African countries are beginning to worry about their donkeys. Niger announced this week that it was banning the export of the animal because demand, mainly from Asia, had reached worrying levels. Last month, Burkina Faso also announced a stop on donkey hides, stating that the animal had been “over exploited.”
Much of that demand comes from China, home to a shrinking population of donkeys whose gelatin, ejiao, is a prized medicinal ingredient, used in everything from aphrodisiacs to face cream. The donkey, used in rural and farming communities across China, has been gradually replaced by machinery. China’s population of donkeys has fallen to 6 million from 11 million in the 1990s and falls another 300,000 every year, according to government statistics.
No wonder Chinese businesses have shown a growing interest in donkeys from Namibia to Nigeria over the past few years. Earlier this year, Botswana arrested four people involved in a donkey hide smuggling syndicate with operations in Zimbabwe, Botswana, and China. Donkey slaughterhouses have also been opened in Kenya to meet Chinese demand. Last year South Africa was considering beginning a training program for farmers in anticipation of exporting donkeys to China’s Henan province.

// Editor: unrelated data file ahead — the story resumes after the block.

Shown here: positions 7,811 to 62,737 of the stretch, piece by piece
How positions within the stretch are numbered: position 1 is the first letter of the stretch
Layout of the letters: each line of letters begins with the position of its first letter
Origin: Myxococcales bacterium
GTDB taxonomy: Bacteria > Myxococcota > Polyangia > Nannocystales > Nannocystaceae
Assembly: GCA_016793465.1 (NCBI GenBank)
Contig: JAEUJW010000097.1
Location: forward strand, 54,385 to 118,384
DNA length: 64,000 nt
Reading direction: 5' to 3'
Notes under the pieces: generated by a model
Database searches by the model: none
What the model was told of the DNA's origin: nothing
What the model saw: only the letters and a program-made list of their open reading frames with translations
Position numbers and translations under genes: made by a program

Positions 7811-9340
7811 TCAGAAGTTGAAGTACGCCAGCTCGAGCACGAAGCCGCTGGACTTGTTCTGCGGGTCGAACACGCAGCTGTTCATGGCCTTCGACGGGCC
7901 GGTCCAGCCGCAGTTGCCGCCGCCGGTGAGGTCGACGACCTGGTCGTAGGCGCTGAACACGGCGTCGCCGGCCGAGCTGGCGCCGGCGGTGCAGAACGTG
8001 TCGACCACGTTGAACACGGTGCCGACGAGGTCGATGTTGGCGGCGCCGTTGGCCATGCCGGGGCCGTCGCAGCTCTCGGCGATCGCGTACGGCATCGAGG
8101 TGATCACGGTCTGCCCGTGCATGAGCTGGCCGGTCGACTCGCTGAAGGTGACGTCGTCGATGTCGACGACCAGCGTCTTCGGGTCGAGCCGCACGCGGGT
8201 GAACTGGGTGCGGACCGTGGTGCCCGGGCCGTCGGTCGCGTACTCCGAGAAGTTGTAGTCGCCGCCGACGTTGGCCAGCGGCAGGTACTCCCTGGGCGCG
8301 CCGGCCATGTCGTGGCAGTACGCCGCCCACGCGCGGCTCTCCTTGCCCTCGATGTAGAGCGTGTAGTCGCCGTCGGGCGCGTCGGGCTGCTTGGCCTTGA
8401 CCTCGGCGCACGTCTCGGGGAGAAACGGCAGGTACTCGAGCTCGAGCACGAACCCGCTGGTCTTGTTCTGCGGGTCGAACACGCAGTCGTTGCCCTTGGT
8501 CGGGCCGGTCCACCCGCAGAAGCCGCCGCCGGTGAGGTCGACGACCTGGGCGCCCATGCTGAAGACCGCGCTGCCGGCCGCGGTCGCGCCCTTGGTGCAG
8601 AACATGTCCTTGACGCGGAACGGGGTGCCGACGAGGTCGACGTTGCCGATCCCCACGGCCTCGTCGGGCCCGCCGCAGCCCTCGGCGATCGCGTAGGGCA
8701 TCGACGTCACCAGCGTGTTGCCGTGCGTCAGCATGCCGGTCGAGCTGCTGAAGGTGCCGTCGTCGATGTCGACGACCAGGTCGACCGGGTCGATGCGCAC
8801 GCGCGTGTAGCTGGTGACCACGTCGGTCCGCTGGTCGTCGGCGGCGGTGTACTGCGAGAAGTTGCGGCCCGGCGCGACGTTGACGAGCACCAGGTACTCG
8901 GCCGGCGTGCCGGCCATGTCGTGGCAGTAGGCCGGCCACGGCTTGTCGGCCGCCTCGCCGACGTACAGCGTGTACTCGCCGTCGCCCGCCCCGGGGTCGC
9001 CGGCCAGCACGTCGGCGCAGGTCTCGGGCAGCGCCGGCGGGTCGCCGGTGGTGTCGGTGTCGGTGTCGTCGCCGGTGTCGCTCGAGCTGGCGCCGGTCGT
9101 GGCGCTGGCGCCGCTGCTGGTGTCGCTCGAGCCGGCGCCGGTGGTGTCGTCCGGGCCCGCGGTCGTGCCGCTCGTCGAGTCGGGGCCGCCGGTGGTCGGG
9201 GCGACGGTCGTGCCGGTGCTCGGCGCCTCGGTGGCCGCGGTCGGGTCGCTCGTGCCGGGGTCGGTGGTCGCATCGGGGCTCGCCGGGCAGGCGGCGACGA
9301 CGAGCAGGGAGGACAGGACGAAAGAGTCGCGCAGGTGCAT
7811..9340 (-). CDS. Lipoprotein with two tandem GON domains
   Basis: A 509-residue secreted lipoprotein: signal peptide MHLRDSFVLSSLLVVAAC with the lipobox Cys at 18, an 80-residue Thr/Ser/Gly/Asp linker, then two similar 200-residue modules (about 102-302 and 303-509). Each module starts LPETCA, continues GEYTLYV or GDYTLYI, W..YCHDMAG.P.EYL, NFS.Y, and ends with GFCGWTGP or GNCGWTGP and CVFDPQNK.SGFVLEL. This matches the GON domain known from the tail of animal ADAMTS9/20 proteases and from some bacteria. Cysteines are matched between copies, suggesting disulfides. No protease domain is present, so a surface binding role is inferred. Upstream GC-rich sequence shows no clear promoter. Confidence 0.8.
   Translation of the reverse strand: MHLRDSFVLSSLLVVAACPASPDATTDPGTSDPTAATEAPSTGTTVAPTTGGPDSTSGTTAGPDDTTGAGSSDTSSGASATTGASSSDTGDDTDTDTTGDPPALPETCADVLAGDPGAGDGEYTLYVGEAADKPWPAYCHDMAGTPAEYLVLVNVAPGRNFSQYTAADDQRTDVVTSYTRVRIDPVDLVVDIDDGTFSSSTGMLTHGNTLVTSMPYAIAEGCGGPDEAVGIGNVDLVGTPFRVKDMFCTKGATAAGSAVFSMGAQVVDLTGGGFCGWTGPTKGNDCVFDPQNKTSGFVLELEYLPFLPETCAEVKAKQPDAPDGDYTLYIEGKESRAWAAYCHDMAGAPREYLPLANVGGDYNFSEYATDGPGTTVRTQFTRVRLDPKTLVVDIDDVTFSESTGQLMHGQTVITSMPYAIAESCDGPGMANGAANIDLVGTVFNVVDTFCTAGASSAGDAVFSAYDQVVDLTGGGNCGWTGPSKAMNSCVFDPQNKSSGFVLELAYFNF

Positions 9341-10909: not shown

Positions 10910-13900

According to the BBC, livestock sellers in Niger are abandoning the trade of other animals to go into the donkey business, where the animal can sell for as much as $145, up from just $34 before demand from Asia began growing. Some 80,000 donkeys have been exported so far this year, three times as many as last year, the country’s livestock ministry told the broadcaster.
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